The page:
Social distancing / Self-isolation

HM Government COVID-19 guidance on social distancing

Detailed government guidance on social distancing is available here.

Detailed government guidance on shielding the clinically extremely vulnerable can be found here.

Detailed government guidance about self isolation for households with possible infection can be read here.

***Please find below a summary of the key points from government guidance. However, be aware this information was last updated on Friday 12th June. While it will be updated as and when there is new information, please bear in mind that it may be out of date by the time of reading and you should always check the government's live guidance.***

If everyone takes the steps that have been outlined by the Prime Minister, the government are confident that we can turn the tide, save thousands of lives, and start getting back to some normality, BUT ONLY IF WE ALL DO WE HAVE BEEN ASKED TO DO.

So, please, follow the social distancing measures that have been outlined by the NHS: self-isolate and get tested if you or someone in your family has any symptoms; self-isolate if you are asked to by NHS Test and Trace; self-isolate if you are over 70, are pregnant or have any of the underlying health conditions that have been specified; keep your distance if you  go out; and WASH YOUR HANDS!



    Who should stay at home?

    This guidance is for the general public who are fit and well. There is separate, specific guidance on isolation for households with a possible coronavirus infection.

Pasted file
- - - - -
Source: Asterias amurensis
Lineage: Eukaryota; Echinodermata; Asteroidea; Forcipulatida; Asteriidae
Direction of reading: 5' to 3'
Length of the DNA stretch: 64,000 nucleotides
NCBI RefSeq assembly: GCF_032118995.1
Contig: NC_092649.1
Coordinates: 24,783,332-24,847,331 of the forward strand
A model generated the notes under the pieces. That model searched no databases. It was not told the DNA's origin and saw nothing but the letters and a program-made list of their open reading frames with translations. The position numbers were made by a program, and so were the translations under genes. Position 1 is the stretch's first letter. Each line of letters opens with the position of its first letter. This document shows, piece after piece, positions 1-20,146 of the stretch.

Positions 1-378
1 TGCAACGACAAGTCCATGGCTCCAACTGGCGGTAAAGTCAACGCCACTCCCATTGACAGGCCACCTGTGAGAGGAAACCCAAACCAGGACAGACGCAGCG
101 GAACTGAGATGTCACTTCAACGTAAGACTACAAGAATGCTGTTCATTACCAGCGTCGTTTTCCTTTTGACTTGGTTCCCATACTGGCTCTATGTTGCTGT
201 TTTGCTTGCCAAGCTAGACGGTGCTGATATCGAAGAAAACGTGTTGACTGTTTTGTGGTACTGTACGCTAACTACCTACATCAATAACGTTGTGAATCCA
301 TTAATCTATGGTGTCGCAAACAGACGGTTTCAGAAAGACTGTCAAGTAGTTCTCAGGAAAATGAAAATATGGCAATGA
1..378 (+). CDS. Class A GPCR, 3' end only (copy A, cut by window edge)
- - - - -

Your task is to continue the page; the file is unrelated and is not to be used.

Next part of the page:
The government has now set out its plan to return life to as near normal as we can, but it is still very important that people stay home unless necessary to go out for specific reasons set out in law. These include:

    • for unlimited outdoor exercise or spend time outdoors for recreation
    • any medical need, to donate blood, avoid injury or illness, escape risk of harm, or to provide care or to help a vulnerable person
    • You can spend time outdoors, including private gardens and other outdoor spaces, in groups of up to six people from different households, following social distancing guidelines
    • You should go to work if you cannot work from home and your business has not been required to close by law
    • More shops are beginning to reopen, with a plan for more to do so later in the month
    • Children in early years (age 0-5), reception, year 1 and year 6 can return to childcare or school in line with the arrangements made by their school
    • You can be tested as part of the test and trace programme, which will enable us to return to normal life as soon as possible, by helping to control transmission risks.
    • It is a criminal offence to meet indoors with anyone who is not a member of your household or, from 13 June, your support bubble, except for specific exceptions set out in law
    • It is a criminal offence to meet outdoors in a group of more than six with people who are not in your household or support bubble, except for specific exceptions set out in law

    From 13 June, you will be able to: